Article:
"All the world saying, for aught they knew, the big wind of last February a year that did havoc the land so pitifully a small thing beside this barrenness. But by and by, as said, this evening after sundown, the wind sitting in the west, biggish swollen clouds to be seen as the night increased and the weatherwise poring up at them and some sheet lightnings at first and after, past ten of the clock, one great stroke with a long thunder and in a brace of shakes all scamper pellmell within door for the smoking shower, the men making shelter for their straws with a clout or kerchief, womenfolk skipping off with kirtles catched up soon as the pour came." (U14.481)
"In Ely place, Baggot street, Duke's lawn, thence through Merrion green up to Holles street a swash of water flowing that was before bonedry" (U14.490)
"and not one chair or coach or fiacre seen about but no more crack after that first." (U14.492)
"Over against the Rt. Hon. Mr Justice Fitzgibbon's door (that is to sit with Mr Healy the lawyer upon the college lands) Mal. Mulligan a gentleman's gentleman that had but come from Mr Moore's the writer's (that was a papish but is now, folk say, a good Williamite) chanced against Alec. Bannon in a cut bob (which are now in with dance cloaks of Kendal green) that was new got to town from Mullingar with the stage where his coz and Mal M's brother will stay a month yet till Saint Swithin and asks what in the earth he does there, he bound home and he to Andrew Horne's being stayed for to crush a cup of wine, so he said," (U14. 493)

St. Swithin was an Anglo-Saxon bishop of Winchester and subsequently patron saint of Winchester Cathedral. His feast day is July 15. He is the patron saint of rain: according to tradition, if it rains on Saint Swithin's bridge (Winchester) on his feast day, it will continue for forty days.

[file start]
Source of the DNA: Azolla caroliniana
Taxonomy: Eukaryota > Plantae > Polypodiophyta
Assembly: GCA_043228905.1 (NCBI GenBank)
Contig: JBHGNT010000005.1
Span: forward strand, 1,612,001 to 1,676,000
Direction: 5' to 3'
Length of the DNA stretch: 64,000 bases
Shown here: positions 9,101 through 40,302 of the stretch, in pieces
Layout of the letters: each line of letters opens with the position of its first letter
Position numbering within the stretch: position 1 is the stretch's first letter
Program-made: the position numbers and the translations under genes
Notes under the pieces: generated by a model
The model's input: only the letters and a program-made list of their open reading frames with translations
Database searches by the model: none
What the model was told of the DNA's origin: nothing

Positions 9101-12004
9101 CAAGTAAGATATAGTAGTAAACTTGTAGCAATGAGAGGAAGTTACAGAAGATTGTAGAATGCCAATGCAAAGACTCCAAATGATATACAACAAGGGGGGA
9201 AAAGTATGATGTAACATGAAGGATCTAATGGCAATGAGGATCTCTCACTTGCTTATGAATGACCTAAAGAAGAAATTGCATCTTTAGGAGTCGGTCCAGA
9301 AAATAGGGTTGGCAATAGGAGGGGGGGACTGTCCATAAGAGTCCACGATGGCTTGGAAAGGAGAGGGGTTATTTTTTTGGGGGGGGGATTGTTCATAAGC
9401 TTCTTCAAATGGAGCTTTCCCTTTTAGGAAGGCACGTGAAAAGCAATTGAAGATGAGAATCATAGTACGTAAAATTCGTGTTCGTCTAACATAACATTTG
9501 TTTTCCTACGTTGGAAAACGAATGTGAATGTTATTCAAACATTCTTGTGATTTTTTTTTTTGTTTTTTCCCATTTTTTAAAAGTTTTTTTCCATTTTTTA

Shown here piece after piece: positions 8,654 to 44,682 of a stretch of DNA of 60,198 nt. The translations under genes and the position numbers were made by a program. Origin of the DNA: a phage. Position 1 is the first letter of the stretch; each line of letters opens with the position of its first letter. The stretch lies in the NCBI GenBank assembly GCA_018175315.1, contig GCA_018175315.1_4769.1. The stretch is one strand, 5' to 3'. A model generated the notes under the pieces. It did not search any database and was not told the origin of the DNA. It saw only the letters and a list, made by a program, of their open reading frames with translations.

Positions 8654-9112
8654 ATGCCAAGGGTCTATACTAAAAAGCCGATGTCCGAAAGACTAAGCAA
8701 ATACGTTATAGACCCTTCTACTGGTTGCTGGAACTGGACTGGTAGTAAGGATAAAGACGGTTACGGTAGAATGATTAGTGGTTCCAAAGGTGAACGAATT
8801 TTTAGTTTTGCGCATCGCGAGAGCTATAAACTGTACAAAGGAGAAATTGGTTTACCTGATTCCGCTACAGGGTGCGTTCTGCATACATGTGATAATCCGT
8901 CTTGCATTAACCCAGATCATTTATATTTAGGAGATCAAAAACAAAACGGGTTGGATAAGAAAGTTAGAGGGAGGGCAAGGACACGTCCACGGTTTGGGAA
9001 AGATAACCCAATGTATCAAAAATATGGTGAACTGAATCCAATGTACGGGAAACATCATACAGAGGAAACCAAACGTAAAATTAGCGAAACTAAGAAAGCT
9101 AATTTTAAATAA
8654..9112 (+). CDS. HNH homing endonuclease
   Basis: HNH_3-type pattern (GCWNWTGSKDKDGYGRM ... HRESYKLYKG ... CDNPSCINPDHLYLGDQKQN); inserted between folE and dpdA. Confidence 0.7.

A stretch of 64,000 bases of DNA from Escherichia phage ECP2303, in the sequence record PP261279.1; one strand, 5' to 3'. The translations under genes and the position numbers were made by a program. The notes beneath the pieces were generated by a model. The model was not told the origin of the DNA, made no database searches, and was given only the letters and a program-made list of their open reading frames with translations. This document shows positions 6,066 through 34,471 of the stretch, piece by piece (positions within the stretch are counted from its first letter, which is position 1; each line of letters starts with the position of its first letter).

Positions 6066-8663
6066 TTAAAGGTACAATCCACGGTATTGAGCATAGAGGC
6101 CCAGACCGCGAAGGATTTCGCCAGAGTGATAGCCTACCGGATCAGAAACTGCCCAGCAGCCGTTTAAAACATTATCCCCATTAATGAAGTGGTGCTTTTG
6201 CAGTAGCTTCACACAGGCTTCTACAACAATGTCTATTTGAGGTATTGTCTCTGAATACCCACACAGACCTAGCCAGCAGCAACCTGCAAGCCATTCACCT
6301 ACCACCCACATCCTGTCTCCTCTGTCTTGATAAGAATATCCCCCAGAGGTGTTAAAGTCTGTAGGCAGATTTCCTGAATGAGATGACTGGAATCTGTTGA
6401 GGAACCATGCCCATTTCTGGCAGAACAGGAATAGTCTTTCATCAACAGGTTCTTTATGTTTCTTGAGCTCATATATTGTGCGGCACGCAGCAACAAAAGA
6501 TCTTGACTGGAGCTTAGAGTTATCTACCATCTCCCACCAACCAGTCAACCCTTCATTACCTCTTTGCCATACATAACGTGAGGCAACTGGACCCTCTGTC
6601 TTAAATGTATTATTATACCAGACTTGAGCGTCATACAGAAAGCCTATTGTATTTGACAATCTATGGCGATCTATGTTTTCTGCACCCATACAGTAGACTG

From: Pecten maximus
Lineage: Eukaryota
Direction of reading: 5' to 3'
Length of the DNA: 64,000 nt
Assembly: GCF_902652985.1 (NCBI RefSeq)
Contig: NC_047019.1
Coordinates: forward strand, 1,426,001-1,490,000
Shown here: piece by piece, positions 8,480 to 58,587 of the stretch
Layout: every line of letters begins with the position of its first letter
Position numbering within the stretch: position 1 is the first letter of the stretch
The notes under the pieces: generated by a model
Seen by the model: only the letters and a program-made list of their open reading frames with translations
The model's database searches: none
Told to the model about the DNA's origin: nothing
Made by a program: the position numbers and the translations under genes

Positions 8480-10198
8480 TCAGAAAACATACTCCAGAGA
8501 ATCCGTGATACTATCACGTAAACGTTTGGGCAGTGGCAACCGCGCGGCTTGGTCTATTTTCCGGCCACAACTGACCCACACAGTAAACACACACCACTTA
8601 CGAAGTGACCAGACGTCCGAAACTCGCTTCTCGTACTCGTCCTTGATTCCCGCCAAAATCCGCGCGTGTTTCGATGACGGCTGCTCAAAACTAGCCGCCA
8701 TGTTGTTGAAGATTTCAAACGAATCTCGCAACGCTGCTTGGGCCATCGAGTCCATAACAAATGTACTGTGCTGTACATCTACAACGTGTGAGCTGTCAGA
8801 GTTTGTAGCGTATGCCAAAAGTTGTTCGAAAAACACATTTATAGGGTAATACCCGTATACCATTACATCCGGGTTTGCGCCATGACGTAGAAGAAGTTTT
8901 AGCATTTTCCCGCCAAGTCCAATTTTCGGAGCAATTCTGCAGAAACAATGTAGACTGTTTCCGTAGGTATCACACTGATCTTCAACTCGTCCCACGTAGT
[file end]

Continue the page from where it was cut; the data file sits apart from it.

"Leop. Bloom there for a languor he had but was now better, be having dreamed tonight a strange fancy of his dame Mrs Moll with red slippers on in a pair of Turkey trunks which is thought by those in ken to be for a change and Mistress Purefoy there, that got in through pleading her belly, and now on the stools, poor body, two days past her term, the midwives sore put to it and can't deliver, she queasy for a bowl of riceslop that is a shrewd drier up of the insides and her breath very heavy more than good and should be a bullyboy from the knocks, they say, but God give her soon issue." (U14.507)
"Tis her ninth chick to live, I hear, and Lady day bit off her last chick's nails that was then a twelvemonth and with other three all breastfed that died written out in a fair hand in the king's bible." (U14.515)
"Tis her ninth chick to live, I hear, and Lady day bit off her last chick's nails that was then a twelvemonth and with other three all breastfed that died written out in a fair hand in the king's bible." (U14.515)
"Her hub fifty odd and a methodist but takes the Sacrament and is to be seen any fair sabbath with a pair of his boys off Bullock harbour dapping on the sound with a heavybraked reel or in a punt he has trailing for flounder and pollock and catches a fine bag, I hear." (U14.518)